White People’s Choices Perpetuate School and Neighborhood Segregation

Brief

White People’s Choices Perpetuate School and Neighborhood Segregation

What Would It Take to Change Them?

Abstract

More than a century of public policies and institutional practices have built a system of separate and unequal schools and neighborhoods in the US. That system has been sustained by the choices white people make about where to live and send their children to school.

Policymakers who want to advance neighborhood and school integration need to better understand these choices to design initiatives that influence white families to make more prointegrative choices. Doing so could produce more diverse neighborhoods and schools in the near term and expand white people’s support for more structural reforms to dismantle the separate and unequal system over the long term. But understanding why white people make the choices they do—many of which go against their expressed values—and how to change them will require better evidence.

We suggest four areas for research that could accelerate potential solutions aimed at influencing white people’s choices and dismantling the system of separate and unequal neighborhoods and schools built over generations:

  • Measure the long-term impacts for white people of attending integrated schools. Efforts aimed at encouraging white families to choose more diverse neighborhoods and schools would benefit from evidence documenting the circumstances under which integrated schools produce better long-term outcomes for students. New research could take a long-term perspective and examine the kinds of outcomes white parents can expect their children to achieve if they attend integrated schools.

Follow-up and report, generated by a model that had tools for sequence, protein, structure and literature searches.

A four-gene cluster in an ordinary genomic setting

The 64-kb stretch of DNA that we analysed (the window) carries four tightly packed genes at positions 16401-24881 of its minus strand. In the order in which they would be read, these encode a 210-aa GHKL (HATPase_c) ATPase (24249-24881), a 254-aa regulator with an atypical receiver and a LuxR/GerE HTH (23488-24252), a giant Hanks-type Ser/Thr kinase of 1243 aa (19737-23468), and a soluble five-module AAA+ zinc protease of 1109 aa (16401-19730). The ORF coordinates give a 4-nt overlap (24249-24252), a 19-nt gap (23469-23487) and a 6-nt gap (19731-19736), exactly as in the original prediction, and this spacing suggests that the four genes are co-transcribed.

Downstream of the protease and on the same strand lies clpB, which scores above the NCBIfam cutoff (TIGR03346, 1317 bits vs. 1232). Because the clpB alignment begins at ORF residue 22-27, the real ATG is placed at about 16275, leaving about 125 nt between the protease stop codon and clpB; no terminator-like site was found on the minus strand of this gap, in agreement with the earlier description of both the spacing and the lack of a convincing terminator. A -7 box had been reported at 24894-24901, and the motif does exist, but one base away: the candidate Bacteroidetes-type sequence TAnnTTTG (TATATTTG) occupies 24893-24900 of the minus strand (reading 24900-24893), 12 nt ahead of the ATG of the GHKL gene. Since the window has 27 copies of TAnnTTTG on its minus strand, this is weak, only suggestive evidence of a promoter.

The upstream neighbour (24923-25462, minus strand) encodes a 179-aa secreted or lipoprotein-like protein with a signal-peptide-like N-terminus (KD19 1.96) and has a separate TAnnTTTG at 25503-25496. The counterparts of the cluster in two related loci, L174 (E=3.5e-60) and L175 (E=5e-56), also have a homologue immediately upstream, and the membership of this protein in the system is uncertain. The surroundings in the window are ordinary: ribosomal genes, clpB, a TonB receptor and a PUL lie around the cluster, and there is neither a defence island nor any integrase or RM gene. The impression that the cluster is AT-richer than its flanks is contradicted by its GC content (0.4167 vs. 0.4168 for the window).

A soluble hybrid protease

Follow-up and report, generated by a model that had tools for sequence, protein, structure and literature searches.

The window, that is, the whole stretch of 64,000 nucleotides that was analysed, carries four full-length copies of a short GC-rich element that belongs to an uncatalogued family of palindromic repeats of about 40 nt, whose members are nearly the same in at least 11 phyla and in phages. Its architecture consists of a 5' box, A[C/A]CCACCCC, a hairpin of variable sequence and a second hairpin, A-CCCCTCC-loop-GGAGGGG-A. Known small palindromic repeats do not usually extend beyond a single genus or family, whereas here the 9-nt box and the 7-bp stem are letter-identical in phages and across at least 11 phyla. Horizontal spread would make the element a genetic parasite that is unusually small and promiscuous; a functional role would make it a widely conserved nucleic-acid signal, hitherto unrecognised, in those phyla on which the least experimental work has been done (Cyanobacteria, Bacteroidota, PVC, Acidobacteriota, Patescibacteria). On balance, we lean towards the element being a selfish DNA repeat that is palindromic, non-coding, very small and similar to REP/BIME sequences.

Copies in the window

• Develop better measures of school quality. Encouraging families to choose high-quality diverse schools will require better measures of school quality that are less likely to confound school quality with the effects of structural racism, as many test-based measures currently do. Research could develop more differentiated measures of school quality that provide families with information about how students from their socioeconomic group fare.
  • Identify and analyze stable neighborhood and school integration. Local planners and school administrators need to know what actions they could take to expand the supply of stably integrated neighborhoods and schools. A rigorous collection of in-depth case studies focused on census tracts and schools that have achieved and maintained stable integration, particularly the integration of white people with Black people, could help fill this knowledge gap.
  • Estimate the potential effectiveness of different mortgage financing incentives. One avenue for promoting integration is enticing homebuyers to consider diverse neighborhoods. But we know little about whether incentives like down payment assistance or below-market interest rates would induce homebuyers to choose neighborhoods in which their race or ethnicity does not predominate. One strategy for filling these knowledge gaps would be to launch a pilot program, testing the effectiveness of alternative incentive packages under different market conditions.

Changing white people’s behavior alone cannot dismantle segregation, but meaningful and sustainable neighborhood and school integration is unlikely to be achieved without changing white people’s choices. Changing white people’s choices could contribute to a larger portfolio of tools for dismantling today’s system of separate and unequal neighborhoods and schools. Filling the knowledge gaps we have identified would be an important step in that direction.

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